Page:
Encouraging patients and family caregivers to assert a more active role during care hand-offs: The Care Transitions Intervention™
International Journal of Integrated Care, 31 December 2009 - ISSN 1568-4156
Key note abstract
Encouraging patients and family caregivers to assert a more active role during care hand-offs: The Care Transitions Intervention™
Eric Coleman, Professor of Medicine, Divisions of Health Care Policy and Research and Geriatric Medicine, Director of the Care Transitions Program, University of Colorado Denver, Aurora, USA
Correspondence to: Eric Coleman, E-mail: eric.coleman@ucdenver.edu

What is the model: During a 4-week program, patients with complex care needs and family caregivers receive specific tools and work with a ‘Transitions Coach,’ to learn self-management skills that will ensure their needs are met during the transition from hospital to home. This is a low-cost, low-intensity intervention comprised of a home visit and three phone calls.

What makes this model unique: In contrast to traditional case management approaches, the Care Transitions Intervention is a self-management model. The Care Transitions Program has modeled national Medicare data sets to demonstrate the frequency with which older adults making care transitions across settings will experience another transition in the near future. In other words, for most of these individuals, there will be a ‘next time’. Using qualitative techniques, the Care Transitions Program worked with older adults to identify the key self-management skills needed to assert a more active role in their care. Next, a Transition Coach was introduced to help impart these skills and help the individual and the family caregiver become more confident in this new role. Although critics are quick to point out that this is only applicable to highly educated or motivated patients, our studies have shown that most patients and family caregivers are able to become engaged and do considerably more for themselves.

In essence, the model involves making an investment in helping patients and family caregivers become more comfortable and competent in participating in their care during care transitions. Five months after the Transition Coach signed off, these patients continued to remain out of the hospital demonstrating a sustained effect from coaching.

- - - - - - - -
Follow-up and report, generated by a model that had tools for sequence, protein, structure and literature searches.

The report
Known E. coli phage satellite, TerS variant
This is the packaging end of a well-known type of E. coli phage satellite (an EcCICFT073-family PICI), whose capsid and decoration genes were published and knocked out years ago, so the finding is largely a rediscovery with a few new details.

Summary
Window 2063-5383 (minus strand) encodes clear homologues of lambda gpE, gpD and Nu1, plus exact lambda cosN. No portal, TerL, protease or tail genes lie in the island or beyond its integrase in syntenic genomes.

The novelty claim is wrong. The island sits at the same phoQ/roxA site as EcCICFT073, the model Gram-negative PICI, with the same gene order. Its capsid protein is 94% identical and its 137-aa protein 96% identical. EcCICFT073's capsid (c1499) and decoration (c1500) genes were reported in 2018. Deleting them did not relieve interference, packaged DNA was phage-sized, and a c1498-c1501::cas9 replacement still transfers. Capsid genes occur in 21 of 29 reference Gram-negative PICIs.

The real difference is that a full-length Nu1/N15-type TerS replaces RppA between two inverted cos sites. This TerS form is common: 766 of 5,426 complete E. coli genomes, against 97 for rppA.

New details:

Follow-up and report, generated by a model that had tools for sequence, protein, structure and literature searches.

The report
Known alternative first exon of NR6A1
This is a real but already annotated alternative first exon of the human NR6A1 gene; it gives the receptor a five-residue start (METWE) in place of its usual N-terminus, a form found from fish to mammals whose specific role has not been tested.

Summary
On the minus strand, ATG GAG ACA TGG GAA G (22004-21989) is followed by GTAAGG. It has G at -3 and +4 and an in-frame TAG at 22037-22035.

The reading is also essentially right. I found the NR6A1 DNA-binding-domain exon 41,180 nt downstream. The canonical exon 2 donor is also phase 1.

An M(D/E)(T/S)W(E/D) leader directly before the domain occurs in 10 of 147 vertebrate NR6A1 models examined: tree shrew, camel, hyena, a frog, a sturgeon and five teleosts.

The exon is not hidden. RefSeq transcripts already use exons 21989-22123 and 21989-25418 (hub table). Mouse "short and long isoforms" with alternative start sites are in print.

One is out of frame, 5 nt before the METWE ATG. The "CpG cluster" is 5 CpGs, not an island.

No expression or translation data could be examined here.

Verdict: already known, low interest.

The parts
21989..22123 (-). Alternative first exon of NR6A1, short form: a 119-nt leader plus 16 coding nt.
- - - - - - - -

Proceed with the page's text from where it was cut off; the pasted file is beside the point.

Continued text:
The intervention focuses on four conceptual domains referred to as pillars: 1. Medication self-management

2. Use of a dynamic patient-centered record, the personal health record

3. Timely primary care/specialty care follow-up

4. Knowledge of red flags that indicate a worsening in their condition and how to respond

What are the key findings: Patients who received this program were significantly less likely to be readmitted to the hospital, and the benefits were sustained for five months after the end of the one-month intervention. Thus, rather than simply managing post-hospital care in a reactive manner, imparting self-management skills pays dividends long after the program ends. Anticipated net cost savings for a typical coach panel of 350 chronically ill adults with an initial hospitalization over 12 months is USD$ 295,594. Patients who received this program were also more likely to achieve self-identified personal goals around symptom management and functional recovery. To date more than 160 organizations have adopted the care transitions intervention.

Project sponsors: The John A. Hartford Foundation and The Robert Wood Johnson Foundation

Where Can I Learn More?: Please visit www.caretransitions.org or email: Eric.Coleman@ucdenver.edu

care transitions

Keynote presentation